Santa Marta Favela Tour, Rio de Janeiro

Around the statue there were a handful of ramshackle souvenir-shops with locally-produced art and gifts, as well as a few small bodegas and snack shops.

Santa Marta Favela Tour, Rio de Janeiro

Santa Marta Favela Tour, Rio de Janeiro

Santa Marta Favela Tour, Rio de Janeiro

Knowing that Santa Marta was the first pacified favela and continues to be one of the safest in the city, I frankly didn’t have any security-related qualms whatsoever about visiting. However, we got a serious reality check when, moments after stepping into a local shop to browse, we heard shouting and commotion out the door. While the owner of the shop smiled and tried to distract us, our hearts pounded as we pressed our faces to the window and saw military police with assault rifles aggressively shoving a local resident to the ground.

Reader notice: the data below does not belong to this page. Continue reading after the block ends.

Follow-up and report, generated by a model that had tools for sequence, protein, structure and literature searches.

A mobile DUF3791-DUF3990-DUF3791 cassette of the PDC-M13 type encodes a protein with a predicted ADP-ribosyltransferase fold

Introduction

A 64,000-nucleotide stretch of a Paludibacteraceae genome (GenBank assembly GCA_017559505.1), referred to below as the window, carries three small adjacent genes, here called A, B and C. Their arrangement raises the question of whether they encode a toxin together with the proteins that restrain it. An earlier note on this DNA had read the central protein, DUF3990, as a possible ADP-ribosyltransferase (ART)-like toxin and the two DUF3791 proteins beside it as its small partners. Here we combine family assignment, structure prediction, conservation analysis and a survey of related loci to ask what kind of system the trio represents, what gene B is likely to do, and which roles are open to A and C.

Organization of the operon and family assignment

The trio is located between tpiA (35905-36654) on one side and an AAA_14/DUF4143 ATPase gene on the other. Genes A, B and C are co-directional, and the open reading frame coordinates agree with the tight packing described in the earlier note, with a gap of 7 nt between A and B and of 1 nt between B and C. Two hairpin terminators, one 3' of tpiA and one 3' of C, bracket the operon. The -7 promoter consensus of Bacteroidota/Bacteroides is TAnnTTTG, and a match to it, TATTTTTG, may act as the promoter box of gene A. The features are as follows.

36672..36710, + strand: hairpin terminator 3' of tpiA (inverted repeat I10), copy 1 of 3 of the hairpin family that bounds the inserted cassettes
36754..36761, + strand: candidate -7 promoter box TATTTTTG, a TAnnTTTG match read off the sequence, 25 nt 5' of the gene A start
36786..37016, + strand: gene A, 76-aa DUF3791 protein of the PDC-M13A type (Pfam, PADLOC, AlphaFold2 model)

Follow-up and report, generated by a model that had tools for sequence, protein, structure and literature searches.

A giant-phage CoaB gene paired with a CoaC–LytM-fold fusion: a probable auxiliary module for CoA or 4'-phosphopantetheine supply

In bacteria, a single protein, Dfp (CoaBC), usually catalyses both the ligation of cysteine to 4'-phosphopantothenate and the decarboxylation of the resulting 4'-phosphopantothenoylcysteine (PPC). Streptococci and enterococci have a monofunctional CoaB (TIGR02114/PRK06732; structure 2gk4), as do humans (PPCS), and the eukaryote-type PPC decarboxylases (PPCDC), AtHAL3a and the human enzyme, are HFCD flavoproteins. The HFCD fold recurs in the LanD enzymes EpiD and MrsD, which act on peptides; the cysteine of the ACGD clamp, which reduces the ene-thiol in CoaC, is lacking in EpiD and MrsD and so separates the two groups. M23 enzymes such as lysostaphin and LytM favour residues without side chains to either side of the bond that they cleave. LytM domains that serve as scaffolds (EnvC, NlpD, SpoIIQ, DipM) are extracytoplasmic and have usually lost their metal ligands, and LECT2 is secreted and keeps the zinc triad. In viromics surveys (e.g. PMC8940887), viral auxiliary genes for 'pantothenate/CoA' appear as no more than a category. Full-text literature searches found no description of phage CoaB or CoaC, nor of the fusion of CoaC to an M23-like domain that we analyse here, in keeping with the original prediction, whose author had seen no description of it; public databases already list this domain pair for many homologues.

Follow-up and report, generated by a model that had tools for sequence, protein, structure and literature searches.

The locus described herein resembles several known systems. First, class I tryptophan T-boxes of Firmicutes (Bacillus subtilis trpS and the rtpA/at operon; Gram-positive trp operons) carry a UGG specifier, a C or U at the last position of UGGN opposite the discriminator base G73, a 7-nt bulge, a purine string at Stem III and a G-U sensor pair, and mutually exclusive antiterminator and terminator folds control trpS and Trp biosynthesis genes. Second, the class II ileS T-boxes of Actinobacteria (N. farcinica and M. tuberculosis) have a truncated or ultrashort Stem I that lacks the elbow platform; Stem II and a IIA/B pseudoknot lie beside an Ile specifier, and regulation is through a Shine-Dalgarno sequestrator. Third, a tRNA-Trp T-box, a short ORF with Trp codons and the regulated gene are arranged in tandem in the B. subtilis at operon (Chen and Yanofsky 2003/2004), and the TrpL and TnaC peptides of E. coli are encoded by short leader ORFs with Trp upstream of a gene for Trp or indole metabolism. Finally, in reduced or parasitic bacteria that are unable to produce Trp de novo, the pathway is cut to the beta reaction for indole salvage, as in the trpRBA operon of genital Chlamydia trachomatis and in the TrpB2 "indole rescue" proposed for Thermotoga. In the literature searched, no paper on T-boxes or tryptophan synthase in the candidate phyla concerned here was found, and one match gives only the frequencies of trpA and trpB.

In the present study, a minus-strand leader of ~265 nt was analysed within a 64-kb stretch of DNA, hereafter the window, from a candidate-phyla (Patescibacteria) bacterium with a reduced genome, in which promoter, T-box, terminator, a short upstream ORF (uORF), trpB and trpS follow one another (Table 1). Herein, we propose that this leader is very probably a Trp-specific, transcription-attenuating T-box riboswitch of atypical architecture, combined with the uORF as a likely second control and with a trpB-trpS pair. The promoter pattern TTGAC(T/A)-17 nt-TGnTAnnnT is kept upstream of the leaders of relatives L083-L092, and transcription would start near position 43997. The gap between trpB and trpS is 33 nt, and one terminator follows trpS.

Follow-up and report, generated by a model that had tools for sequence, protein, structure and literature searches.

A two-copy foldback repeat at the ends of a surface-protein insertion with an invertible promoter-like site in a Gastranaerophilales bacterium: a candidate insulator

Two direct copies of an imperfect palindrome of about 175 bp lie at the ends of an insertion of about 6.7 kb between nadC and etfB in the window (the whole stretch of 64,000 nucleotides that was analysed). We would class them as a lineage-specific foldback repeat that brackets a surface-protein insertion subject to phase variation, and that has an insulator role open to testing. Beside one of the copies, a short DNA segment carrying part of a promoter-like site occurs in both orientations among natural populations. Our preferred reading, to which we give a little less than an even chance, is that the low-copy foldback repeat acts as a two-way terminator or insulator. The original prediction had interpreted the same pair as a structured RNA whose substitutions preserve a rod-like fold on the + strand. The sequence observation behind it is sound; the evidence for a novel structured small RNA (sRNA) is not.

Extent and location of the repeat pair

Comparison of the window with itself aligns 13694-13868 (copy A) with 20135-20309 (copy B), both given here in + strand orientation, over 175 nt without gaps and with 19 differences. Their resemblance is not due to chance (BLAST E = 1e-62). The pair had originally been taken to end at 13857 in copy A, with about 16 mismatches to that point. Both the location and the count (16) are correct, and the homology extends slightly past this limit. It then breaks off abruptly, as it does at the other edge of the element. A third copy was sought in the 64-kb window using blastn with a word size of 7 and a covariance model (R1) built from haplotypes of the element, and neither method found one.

Just drug related, Pedro later assured us.

It was a reminder that yes, Santa Marta was once one of the most violent slums in the city and many people died here in bloody shootouts. In one of the most poignant physical symbols of change, bullet holes still dot the colorfully painted walls of a former day care center, now HQ for the Pacified Police Unit.

Santa Marta Favela Tour, Rio de Janeiro

Santa Marta Favela Tour, Rio de Janeiro

Santa Marta Favela Tour, Rio de Janeiro

Santa Marta Favela Tour, Rio de Janeiro

Santa Marta Favela Tour, Rio de Janeiro